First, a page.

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Reasoning in Combinations of Theories


Ihlemann,  Carsten
Automation of Logic, MPI for Informatics, Max Planck Society;
International Max Planck Research School, MPI for Informatics, Max Planck Society;

Sofronie-Stokkermans,  Viorica
Automation of Logic, MPI for Informatics, Max Planck Society;

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Ihlemann, C. (2010). Reasoning in Combinations of Theories. PhD Thesis, Universität des Saarlandes, Saarbrücken. Retrieved from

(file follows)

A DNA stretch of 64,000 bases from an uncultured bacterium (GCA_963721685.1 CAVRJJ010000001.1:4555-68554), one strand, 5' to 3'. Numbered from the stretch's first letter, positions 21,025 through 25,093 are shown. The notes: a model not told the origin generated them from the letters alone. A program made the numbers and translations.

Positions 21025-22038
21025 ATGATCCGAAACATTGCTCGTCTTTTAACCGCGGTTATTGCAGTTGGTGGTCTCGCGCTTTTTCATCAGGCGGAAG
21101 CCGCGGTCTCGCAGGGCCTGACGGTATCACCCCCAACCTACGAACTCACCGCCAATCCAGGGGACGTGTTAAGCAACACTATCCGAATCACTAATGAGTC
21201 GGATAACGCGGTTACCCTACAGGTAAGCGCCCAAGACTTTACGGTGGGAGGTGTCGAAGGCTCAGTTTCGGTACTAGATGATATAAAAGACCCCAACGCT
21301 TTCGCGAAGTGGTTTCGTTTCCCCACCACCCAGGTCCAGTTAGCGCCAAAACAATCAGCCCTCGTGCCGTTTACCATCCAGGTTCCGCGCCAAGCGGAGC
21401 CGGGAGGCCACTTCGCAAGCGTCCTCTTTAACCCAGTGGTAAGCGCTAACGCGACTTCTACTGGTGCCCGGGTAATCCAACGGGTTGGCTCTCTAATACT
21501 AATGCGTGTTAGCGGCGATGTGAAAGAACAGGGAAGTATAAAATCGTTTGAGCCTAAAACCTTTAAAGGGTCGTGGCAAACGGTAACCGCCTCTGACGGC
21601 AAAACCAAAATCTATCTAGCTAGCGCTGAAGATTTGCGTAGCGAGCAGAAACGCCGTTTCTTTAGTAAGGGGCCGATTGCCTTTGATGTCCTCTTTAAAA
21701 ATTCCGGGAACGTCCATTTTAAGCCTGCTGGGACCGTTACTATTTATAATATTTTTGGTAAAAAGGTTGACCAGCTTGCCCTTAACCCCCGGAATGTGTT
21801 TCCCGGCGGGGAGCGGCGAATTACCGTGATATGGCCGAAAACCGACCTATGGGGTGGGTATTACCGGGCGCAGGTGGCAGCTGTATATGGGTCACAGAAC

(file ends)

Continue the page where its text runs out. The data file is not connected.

Verification problems are often expressed in a language which mixes several theories. A natural question to ask is whether one can use decision procedures for individual theories to construct a decision procedure for the union theory. In the cases where this is possible one has a powerful method at hand to handle complex theories effectively. The setup considered in this thesis is that of one base theory which is extended by one or more theories. The question is if and when a given ground satisfiability problem in the extended setting can be effectively reduced to an equi-satisfiable problem over the base theory. A case where this reductive approach is always possible is that of so-called \emph{local theory extensions.} The theory of local extensions is developed and some applications concerning monotone functions are given. Then the theory of local theory extensions is generalized in order to deal with data structures that exhibit local behavior. It will be shown that a suitable fragment of both the theory of arrays and the theory of pointers is local in this broader sense. % Finally, the case of more than one theory extension is discussed. In particular, a \emph{modularity} result is given that under certain circumstances the locality of each of the extensions lifts to locality of the entire extension. The reductive approach outlined above has become particularly relevant in recent years due to the rise of powerful solvers for background theories common in verification tasks. These so-called SMT-solvers effectively handle theories such as real linear or integer arithmetic. As part of this thesis, a program called \emph{\mbox{H-PILoT}} was implemented which carries out reductive reasoning for local theory extensions. H-PILoT found applications in mathematics, multiple-valued logics, data-structures and reasoning in complex systems.